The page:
In choosing the particular enzymes and/or reagents for use in conjunction with Nylon IV one should keep in mind that the absorption of these materials is accomplished at the molecular level and it is therefore important to consider their molecular weight and size, since materials having too large a molecular size will not be absorbed by the Nylon IV. For example, various lipids, due to their large molecular size, will not penetrate the Nylon IV structure, whereas analytes, such as glucose or cholesterol, will.
It has been found that the following enzymes are absorbed satisfactorily into the Nylon IV: glucose oxidase, lactate oxidase, pyruvate oxidase, glycerol oxidase, alcohol oxidase, urease, lipase and peroxidase. Similarly, the following chromogens are satisfactorily absorbed: 4-aminoantipyrine, 4-aminophenazone and the tetrazolium salts.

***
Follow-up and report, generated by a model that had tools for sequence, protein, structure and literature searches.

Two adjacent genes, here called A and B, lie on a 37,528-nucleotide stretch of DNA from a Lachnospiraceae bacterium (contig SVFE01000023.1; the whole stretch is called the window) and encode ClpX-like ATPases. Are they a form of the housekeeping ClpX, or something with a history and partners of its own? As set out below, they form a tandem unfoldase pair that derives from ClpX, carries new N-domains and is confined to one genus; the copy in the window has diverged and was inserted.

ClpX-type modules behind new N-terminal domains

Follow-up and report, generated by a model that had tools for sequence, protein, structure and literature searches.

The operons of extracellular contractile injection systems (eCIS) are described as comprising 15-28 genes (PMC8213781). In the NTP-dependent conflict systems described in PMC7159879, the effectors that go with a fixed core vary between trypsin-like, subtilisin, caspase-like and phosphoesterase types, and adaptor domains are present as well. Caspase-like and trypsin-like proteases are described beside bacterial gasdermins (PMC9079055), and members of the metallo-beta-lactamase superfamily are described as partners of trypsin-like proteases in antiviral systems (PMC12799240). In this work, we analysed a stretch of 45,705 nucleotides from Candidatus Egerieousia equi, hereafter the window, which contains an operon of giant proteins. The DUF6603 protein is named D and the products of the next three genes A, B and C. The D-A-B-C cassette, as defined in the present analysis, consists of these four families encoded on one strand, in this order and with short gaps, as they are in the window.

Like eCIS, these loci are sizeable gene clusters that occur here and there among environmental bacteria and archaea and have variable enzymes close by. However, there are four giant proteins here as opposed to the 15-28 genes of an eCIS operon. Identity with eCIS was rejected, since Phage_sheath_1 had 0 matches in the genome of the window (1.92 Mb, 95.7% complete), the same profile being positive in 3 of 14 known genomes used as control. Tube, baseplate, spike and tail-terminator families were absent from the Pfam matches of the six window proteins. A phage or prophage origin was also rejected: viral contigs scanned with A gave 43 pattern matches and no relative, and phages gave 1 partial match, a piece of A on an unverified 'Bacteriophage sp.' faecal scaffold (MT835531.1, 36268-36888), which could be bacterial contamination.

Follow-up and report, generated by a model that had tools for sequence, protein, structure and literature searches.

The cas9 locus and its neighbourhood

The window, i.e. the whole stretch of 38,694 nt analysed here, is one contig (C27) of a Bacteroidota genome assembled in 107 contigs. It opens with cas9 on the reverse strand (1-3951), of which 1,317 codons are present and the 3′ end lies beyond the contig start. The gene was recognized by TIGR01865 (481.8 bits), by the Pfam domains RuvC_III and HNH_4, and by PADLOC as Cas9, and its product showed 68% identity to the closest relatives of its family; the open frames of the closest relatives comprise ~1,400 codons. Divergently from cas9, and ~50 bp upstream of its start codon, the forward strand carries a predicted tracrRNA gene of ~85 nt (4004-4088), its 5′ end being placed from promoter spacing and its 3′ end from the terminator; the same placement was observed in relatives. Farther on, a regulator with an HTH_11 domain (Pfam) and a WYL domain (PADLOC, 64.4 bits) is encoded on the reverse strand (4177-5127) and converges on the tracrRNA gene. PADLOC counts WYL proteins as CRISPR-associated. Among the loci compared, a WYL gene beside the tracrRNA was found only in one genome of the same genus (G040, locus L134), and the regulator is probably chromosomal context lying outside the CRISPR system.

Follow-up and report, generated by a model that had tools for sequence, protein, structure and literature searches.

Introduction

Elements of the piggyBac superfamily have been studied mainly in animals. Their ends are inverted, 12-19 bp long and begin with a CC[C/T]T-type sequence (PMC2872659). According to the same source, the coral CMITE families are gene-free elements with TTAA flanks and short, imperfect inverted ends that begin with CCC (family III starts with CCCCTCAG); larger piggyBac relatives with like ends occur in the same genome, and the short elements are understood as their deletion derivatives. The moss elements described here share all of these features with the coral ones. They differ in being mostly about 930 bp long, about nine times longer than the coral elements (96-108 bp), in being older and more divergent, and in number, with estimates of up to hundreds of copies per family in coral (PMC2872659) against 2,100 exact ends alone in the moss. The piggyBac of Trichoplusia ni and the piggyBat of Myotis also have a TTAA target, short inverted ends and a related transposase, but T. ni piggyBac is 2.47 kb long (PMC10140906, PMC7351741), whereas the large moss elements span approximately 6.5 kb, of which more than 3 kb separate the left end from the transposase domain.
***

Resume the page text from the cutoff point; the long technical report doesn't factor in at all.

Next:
It has also been found that this selective absorption by Nylon IV greatly increases the accuracy of the test results, since it limits the amount of lipemic interference normally encountered when conducting the type of tests previously discussed. Lipemic interference, as would be understood by one skilled in the art, is the interference of large molecular compounds with the interface of the test reagents and the serum components to be tested. Due to the unique properties of the Nylon IV, it has been found that these large molecules are prevented from entering the strip material, and therefore interfering with the interface of the serum components and the test reagents impregnated in the strip.